FBI Asks Public For Help In Investigation of Orlando Terrorist’s

Families of victims of the gay nightclub massacre in Orlando could be forced to wait years for justice as detectives interview hundreds of people and comb through vast hoards of digital media.

The FBI has published a “seeking information” poster with four pictures of gunman Omar Mateen, 29, appealing for the public to come forward with leads and tips. Its investigation will extend deep into the American-born Muslim’s past and is not expected to conclude any time soon.

“We’re going to go until we’re absolutely satisfied that we’ve uncovered every bit of evidence that’s out there and we’ve reviewed every possible charge,” Lee Bentley, US attorney for the middle district of Florida, told reporters on Wednesday. “That’s when this investigation will end. It might be a matter of days, it could be weeks, it could be years.

There’s simply no way to determine at this time how long the investigation will last.”

Investigators are talking to “literally hundreds of people” who might have crossed paths with Mateen in recent years and be able to offer a clue as to his actions,

Bentley added. “We are investigating not only this crime but law enforcement is talking to everyone associated with the shooter and that includes his family, his friends, people in businesses. It includes anyone who fell within the ambit of what the shooter was doing in the months leading up to the crime.”

He repeatedly declined to comment on reports that Mateen’s widow, Noor Zahi Salman, could soon be charged over allegations that she knew of the killer’s plot but failed to warn police or do anything to stop him.

The FBI investigation is both broadly sweeping and intensely focused on detail, which is likely to frustrate anyone expecting instant answers. Four days after the atrocity, the FBI’s evidence response team are still sweeping Pulse nightclub with work that includes analysis of the trajectory of the bullets.

The investigation also includes an attempt to reach far into Mateen’s personal history and motivations. Questions include whether he was radicalised by the internet or had direct contact with Islamist miltant groups and claims that he used gay dating apps to chat to men.

Ronald Hopper, the FBI assistant special agent in charge, said: “The FBI is reconstructing the subject’s movements going back months, day, hours and minutes before the fatal act here at the Pulse nightclub and that is something we are looking at and scrubbing thoroughly.”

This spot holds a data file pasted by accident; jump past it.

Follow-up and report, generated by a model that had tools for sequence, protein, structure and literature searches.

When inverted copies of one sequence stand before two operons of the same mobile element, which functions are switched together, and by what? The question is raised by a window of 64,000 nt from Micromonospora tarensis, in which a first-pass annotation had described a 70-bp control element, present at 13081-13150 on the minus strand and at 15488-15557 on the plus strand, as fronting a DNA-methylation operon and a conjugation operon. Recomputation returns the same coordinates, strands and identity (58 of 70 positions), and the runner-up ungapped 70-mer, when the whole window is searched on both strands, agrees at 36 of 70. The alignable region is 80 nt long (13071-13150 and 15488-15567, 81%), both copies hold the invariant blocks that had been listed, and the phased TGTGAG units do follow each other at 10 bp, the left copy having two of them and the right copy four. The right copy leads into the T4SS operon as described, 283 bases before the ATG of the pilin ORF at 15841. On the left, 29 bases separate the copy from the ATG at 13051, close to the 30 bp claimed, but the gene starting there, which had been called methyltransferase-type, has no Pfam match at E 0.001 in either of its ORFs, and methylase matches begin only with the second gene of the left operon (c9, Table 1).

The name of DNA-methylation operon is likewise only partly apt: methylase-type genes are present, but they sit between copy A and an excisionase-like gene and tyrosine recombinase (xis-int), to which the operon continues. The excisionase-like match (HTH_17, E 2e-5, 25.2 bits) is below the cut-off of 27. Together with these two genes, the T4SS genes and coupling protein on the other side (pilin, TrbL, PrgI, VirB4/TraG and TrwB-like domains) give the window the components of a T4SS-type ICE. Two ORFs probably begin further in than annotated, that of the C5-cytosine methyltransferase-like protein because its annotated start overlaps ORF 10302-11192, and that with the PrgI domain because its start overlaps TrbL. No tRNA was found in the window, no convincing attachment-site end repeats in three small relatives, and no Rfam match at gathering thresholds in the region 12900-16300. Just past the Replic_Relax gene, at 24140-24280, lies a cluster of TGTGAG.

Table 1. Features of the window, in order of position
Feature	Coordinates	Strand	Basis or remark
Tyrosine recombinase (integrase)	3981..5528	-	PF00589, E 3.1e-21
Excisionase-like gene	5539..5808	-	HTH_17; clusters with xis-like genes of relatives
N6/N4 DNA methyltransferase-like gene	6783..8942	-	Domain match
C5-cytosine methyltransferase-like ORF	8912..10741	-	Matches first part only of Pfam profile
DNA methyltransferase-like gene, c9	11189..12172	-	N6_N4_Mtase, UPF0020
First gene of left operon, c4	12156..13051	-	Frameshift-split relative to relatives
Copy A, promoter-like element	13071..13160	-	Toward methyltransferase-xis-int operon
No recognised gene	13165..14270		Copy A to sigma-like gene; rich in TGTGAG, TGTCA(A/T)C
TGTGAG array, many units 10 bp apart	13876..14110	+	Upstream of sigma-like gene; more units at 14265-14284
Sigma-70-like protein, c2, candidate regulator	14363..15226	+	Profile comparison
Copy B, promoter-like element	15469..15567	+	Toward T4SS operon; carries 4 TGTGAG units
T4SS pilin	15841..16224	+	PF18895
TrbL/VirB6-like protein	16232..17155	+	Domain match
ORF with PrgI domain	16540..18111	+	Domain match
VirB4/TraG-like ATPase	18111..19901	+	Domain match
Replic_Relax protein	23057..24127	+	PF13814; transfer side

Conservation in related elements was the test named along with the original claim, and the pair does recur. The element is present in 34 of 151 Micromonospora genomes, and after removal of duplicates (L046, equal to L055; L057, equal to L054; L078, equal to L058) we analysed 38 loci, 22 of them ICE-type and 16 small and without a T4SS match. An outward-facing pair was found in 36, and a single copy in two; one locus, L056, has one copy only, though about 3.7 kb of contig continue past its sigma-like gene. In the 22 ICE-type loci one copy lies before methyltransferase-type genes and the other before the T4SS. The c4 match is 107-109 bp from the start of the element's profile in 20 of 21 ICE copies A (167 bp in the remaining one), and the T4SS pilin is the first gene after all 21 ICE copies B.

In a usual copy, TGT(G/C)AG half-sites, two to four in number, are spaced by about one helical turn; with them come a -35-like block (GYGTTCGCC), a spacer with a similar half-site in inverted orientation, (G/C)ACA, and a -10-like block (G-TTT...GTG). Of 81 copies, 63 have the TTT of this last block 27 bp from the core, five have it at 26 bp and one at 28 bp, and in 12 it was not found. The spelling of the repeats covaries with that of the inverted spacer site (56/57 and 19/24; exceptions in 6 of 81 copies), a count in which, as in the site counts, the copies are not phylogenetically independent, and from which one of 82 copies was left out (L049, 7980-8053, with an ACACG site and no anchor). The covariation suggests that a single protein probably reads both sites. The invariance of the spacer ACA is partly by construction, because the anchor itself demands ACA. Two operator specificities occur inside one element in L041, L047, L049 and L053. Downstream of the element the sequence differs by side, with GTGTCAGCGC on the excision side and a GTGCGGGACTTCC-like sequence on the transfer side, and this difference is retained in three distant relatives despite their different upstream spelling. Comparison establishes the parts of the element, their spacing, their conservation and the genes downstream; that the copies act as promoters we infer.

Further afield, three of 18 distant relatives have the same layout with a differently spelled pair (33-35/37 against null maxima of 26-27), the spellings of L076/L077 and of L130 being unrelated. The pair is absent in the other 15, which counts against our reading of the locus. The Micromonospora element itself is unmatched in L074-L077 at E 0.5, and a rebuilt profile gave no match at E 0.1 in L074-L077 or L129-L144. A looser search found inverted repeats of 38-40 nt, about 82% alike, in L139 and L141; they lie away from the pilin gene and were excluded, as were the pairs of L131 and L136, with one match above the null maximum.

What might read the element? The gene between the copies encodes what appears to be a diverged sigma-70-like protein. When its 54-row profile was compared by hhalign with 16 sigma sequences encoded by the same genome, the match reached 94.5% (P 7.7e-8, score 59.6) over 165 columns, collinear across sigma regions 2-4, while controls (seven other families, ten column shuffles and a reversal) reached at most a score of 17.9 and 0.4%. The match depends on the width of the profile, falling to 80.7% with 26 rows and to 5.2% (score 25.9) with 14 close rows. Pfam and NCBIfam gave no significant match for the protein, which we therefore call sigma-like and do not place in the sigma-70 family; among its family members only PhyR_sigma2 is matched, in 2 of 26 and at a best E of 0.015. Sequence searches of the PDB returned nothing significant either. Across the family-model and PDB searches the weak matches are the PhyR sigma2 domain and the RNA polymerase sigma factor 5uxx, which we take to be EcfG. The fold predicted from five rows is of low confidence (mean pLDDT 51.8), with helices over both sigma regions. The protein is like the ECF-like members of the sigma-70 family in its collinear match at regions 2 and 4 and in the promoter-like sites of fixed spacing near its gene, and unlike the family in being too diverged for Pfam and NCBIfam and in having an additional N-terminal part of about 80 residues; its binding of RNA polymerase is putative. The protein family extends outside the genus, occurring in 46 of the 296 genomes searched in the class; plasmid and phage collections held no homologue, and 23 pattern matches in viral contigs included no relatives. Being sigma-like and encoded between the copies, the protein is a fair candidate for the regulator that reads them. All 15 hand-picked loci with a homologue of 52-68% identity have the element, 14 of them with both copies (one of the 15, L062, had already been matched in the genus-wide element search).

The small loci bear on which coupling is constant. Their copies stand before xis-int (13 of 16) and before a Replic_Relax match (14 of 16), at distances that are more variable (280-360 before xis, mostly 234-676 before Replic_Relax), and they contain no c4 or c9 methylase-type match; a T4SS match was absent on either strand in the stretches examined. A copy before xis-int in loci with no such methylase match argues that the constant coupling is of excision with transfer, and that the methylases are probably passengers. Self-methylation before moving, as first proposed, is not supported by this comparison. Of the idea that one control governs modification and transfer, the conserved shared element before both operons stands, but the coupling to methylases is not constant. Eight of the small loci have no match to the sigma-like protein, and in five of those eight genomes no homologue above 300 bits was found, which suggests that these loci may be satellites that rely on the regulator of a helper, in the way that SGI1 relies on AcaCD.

Mateen was questioned in 2013 and 2014 by the FBI but this resulted in no further action being taken. Hopper added: “We are looking at everything he did leading up to this attack and we are going backwards as well to look at all of the things we knew about before and things that we’ve investigated in the past.

This is an investigation that has no finite end at this particular time and that goes from the beginning. We’re going to go back even further than we did if that’s possible.”

The inquiry includes foraging through “voluminous amounts” of digital media, Hopper said. So far, there is nothing to suggest there was any target other than the Pulse nightclub, nor to confirm reports that Mateen had visited other clubs.

The FBI official promised: “We will leave no stone unturned, and what that means is, at the end of all of our interviews, however long that takes, if someone is able to be charged in this investigation, we will bring them to justice.”

Buddy Dyer, the mayor of Orlando, said Mateen drove around the city on Saturday evening, going from one place to another, before he stormed Pulse and opened fire at about 2am on Sunday. The attack ended with Mateen being killed by a Swat team.

“What I know concretely is that he was driving around that evening and visited several locations,” Dyer said.

During the hostage standoff, Mateen told police negotiators that he planned to strap bombs to four people, Dyer added.

In phone calls and text messages, people trapped inside the club, who could hear what the killer was saying, also raised the alarm over explosives. “We had independent verification of that,” Dyer said. “We had a lot of information from the inside and they independently were saying yes, the bomber is about to put on an explosive vest.”

An Orlando TV station said on Wednesday that Mateen called in during the standoff with police and declared his support for the Islamic State. Matt Gentili, a producer at CFN13 in Orlando, said at about 2.45am a man phoned him and said: “I’m the shooter. It’s me. I am the shooter.”

Salman and Mateen married in 2011 and have a three-year-old son.

The Associated Press reported that Jessie Rojas, a nextdoor neighbour, said three people identifying themselves as FBI agents visited Salman’s childhood home in Rodeo, California, on Tuesday and spoke with her mother. Rodeo is in the dry hills near the oil refineries 25 miles north-east of San Francisco.

On Wednesday, a film clip of Mateen came to light from The Big Fix, a 2012 documentary about the BP oil spill in the Gulf of Mexico.

It shows him working as a security guard at a cleanup site in Florida and telling a woman who pulls up to his guard booth that everyone is “hoping for more oil to come out and more people to complain so they’ll have the jobs”.

Orlando’s police chief, John Mina, said police officers had received a critical stress management debriefing.

The officers, “some of the toughest men I know”, had “stood face to face, toe to toe, with a mass murderer and I am proud of them”, he said.

Meanwhile Orlando is preparing for a visit by Barack Obama on Thursday.

The White House press secretary, Josh Earnest, said the president will meet and offer condolences to the families of those who were killed and will seek to comfort those who survived, as well as first responders, doctors and nurses.

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